With weather getting crisper and stores thinking it necessary to put out pumpkins in September, it’s important to look your best and stay updated with this year’s trending fall fashion! Do you enjoy thick fur, thigh-high leather boots or bold autumn tones? You’re in luck! This fall is your season to stand out.
While Irma has calmed down since reaching the U.S., nearly 600,000 citizens in Georgia are still without power. Not only are schools closing down only a couple weeks into the new school year, but people are continuing to evacuate their homes as Irma travels to Tennessee. Keep informed: http://www.ajc.com/weather/weather-calms-atlanta-but-irma-impact-remains/ABGoT6NyJkKX2LUnw5pE9O/
After your children have a solid understanding conceptually of the operations and procedures of mathematics, they are able to solve problems, think logically and justify their own reasoning. The jump in levels, described in mathematical proficiency, is exciting for teachers because the last level claims students will “perceive mathematics as useful and worthwhile,” which is one of the most fulfilling feelings as a math professional (“Principles to Actions”, National Council of Teachers of Mathematics, 8). While educators should be consistently implementing Common Core State Standards for Mathematics (CCSSM), if students do not have a strong background or the correct experiences to foster academic growth, teachers will not be able to affect our children as deemed necessary. Teachers assist our children by engaging them in challenging tasks, connecting prior knowledge to current lessons, and eventually instilling meta-cognitive awareness into daily thinking habits while using proper communication skills to get the message across.
I’m ecstatic that the education system has since adapted and realized that rogue memorization is not a high-level task. We perform more rigorous activities and promote reasoning and problem solving throughout the education system. We’ve done so by incorporating different kinds of goals, similar to the CCSSM, into our lesson plans but also short-term differences that students can be tracking. “Learning projections and trajectories” help students to achieve fuller understanding and leave a lasting impression (NCTM, 13). Students taking their education into their own hands also increases self-efficacy and relinquishes power of the teacher to the students.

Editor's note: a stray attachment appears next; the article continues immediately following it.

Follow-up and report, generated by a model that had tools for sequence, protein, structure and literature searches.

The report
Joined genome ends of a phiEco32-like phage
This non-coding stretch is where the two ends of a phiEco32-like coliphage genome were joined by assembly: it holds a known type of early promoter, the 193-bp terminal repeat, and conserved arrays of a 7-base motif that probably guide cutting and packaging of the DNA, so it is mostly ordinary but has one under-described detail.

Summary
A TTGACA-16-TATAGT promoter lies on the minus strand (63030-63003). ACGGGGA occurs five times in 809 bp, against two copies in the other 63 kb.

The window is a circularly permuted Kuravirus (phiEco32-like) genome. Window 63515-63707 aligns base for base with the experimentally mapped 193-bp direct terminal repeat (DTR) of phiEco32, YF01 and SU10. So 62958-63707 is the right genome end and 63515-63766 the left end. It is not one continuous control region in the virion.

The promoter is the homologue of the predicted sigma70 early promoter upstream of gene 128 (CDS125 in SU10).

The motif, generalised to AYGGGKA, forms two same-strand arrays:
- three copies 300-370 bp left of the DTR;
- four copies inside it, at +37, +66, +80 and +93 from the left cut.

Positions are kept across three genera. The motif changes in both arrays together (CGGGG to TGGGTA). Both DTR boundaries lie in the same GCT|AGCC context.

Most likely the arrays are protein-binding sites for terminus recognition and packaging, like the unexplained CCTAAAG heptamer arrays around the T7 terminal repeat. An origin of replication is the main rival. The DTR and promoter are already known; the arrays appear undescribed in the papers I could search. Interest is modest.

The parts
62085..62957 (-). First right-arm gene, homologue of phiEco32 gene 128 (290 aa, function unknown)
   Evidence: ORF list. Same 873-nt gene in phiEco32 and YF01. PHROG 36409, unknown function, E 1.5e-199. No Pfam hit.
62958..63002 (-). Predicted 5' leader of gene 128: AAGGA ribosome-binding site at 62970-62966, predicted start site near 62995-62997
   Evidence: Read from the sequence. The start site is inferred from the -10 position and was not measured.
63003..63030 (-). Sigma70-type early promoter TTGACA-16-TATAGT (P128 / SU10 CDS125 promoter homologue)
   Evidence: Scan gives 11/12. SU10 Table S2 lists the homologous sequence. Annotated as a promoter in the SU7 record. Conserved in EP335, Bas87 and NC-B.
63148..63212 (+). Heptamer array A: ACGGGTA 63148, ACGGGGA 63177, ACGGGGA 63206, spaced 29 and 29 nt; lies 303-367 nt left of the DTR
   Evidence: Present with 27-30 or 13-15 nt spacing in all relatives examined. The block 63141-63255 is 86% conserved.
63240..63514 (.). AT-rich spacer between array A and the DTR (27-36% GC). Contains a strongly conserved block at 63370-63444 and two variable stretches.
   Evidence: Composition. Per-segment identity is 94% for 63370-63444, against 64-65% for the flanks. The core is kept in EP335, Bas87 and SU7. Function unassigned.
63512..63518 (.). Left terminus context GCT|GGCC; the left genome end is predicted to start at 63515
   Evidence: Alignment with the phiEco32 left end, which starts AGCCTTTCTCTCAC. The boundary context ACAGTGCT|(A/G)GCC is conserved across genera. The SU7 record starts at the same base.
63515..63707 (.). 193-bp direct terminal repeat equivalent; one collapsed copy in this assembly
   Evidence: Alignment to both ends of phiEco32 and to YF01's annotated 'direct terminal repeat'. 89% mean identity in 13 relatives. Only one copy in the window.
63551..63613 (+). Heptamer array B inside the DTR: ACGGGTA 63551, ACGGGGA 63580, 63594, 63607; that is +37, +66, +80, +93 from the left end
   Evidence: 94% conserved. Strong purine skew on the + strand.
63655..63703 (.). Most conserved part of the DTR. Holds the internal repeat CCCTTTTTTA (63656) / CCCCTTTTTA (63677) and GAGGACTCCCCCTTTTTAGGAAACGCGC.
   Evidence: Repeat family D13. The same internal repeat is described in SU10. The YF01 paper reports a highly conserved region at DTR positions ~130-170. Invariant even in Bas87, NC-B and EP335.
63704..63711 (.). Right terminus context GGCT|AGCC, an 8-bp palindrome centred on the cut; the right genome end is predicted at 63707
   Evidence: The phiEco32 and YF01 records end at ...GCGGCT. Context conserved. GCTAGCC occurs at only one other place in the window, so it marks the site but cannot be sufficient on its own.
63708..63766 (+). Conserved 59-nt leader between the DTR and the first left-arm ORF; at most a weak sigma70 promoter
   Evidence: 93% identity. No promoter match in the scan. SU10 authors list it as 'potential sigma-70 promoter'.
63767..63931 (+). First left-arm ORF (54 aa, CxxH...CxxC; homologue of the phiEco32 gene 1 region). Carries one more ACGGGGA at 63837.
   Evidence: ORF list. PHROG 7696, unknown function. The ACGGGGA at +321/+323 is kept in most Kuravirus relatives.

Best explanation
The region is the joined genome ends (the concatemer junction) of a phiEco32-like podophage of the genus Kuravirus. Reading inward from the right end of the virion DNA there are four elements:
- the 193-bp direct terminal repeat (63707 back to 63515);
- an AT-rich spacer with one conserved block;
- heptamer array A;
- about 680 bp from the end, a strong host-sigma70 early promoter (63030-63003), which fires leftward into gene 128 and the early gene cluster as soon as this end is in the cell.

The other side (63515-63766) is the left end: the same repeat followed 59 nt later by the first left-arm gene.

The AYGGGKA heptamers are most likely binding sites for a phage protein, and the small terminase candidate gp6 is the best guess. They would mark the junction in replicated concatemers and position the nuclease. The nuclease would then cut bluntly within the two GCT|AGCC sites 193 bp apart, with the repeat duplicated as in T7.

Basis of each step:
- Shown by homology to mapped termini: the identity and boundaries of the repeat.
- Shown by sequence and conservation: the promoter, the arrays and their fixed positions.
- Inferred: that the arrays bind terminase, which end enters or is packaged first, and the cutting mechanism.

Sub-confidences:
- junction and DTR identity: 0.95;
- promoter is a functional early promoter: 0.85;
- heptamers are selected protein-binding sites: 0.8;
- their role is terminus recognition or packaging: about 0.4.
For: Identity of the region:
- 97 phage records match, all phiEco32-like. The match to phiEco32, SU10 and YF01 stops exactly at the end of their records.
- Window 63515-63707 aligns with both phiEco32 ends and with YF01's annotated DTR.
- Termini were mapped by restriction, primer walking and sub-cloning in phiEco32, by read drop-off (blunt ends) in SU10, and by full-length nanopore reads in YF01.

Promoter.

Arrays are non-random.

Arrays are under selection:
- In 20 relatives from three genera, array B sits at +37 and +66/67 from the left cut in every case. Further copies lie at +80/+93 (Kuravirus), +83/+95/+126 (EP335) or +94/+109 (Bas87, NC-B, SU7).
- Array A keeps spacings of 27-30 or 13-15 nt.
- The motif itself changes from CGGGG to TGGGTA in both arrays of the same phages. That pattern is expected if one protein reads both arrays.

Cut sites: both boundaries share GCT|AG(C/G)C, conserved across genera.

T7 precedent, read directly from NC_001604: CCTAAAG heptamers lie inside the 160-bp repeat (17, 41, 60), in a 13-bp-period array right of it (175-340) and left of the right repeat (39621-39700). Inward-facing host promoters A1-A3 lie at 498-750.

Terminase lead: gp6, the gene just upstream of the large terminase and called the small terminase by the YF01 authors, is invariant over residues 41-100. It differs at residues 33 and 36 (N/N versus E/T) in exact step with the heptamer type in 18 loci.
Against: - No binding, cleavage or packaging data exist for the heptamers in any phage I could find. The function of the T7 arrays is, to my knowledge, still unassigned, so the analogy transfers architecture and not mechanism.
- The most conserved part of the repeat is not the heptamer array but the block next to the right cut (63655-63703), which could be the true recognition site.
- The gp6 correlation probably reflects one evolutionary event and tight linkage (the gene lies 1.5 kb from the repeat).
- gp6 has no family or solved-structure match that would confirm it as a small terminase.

Students want to know why we are learning what we are learning. Defining the purpose of the lesson and having students make real-world connections helps them to develop an understanding as to how the problem is related to them as a learner. They can ponder “this makes sense to me because…” or “this applies to me if…” and so forth. Creating a more open and possibly spontaneous atmosphere of education, due to utilizing group work and multiple entry points of understanding a concept, creates an enriching classroom! Student collaboration fosters respect and understanding of a variety of ways to approach even one problem without monotonously hounding kids to “be respectful.” They learn to do the task on their own which helps the teacher take a step back and helps kids reach perspectives or knowledge on their own.
Giving students the answer or simply engaging in call and response techniques no longer identifies proof of learning taking place. Instead, teachers can “monitor student work” and by “sequencing students’ responses in a specific order for classroom discussion,” prompt students to talk amongst each other about the lesson and provide their own opinions and explanations (NCTM, 30).
Read more from the “Principles of Action” summary: https://www.nctm.org/uploadedFiles/Standards_and_Positions/PtAExecutiveSummary.pdf
Are you tired of all the simplistic recipes you’ve been cooking? Kids getting tired of the same old meatloaf and lasagna? We’ve all seen exciting videos of decadent food while scrolling through social media sites but where do you start? Are you asking yourself, “Where do I even begin?” or “Does anyone even try these recipes?” Well, BuzzFeed has compiled its favorites based on the opinions of not only its writers, but of readers as well! Click on the link below to be the talk on this Sunday’s before-church desert or Tuesday night book club snacks:
While there is a strong statistical link between rising temperatures and greenhouse gas emissions, skeptics of global warming claim the anthropogenic, or human-caused climate change, effects are overestimated. Pablo Verdes, however, conducted data analysis looking at the driving force of a non-linear time series of the past 150 years. Click the link to read up on the astounding coincidence:
In recent years, we’ve seen a dramatic increase in technology with a push to continually update, downsize, revamp and refurbish gadgets we use on a daily basis. It’s your duty as a functioning member of society to become aware of upcoming technology, not necessarily as a consumer, but as a person who may come into contact with these new ideas and robotics. You should simply be aware of their existence. Ignorance is no longer bliss in the year of 2017 especially when we have the opportunity to have driverless cars and virtual reality video games. Read up on the ability to control a tablet with only your eyes or a supercomputer available to a greater spread of the public here:
I almost always have to think about any piece written by Seth Godin. They look at things in a different way, and that thought process is usually productive.
Here’s a recent post by him: http://sethgodin.typepad.com/seths_blog/2017/08/but-we-needed-the-eggs.html.
Where’s the grocery list?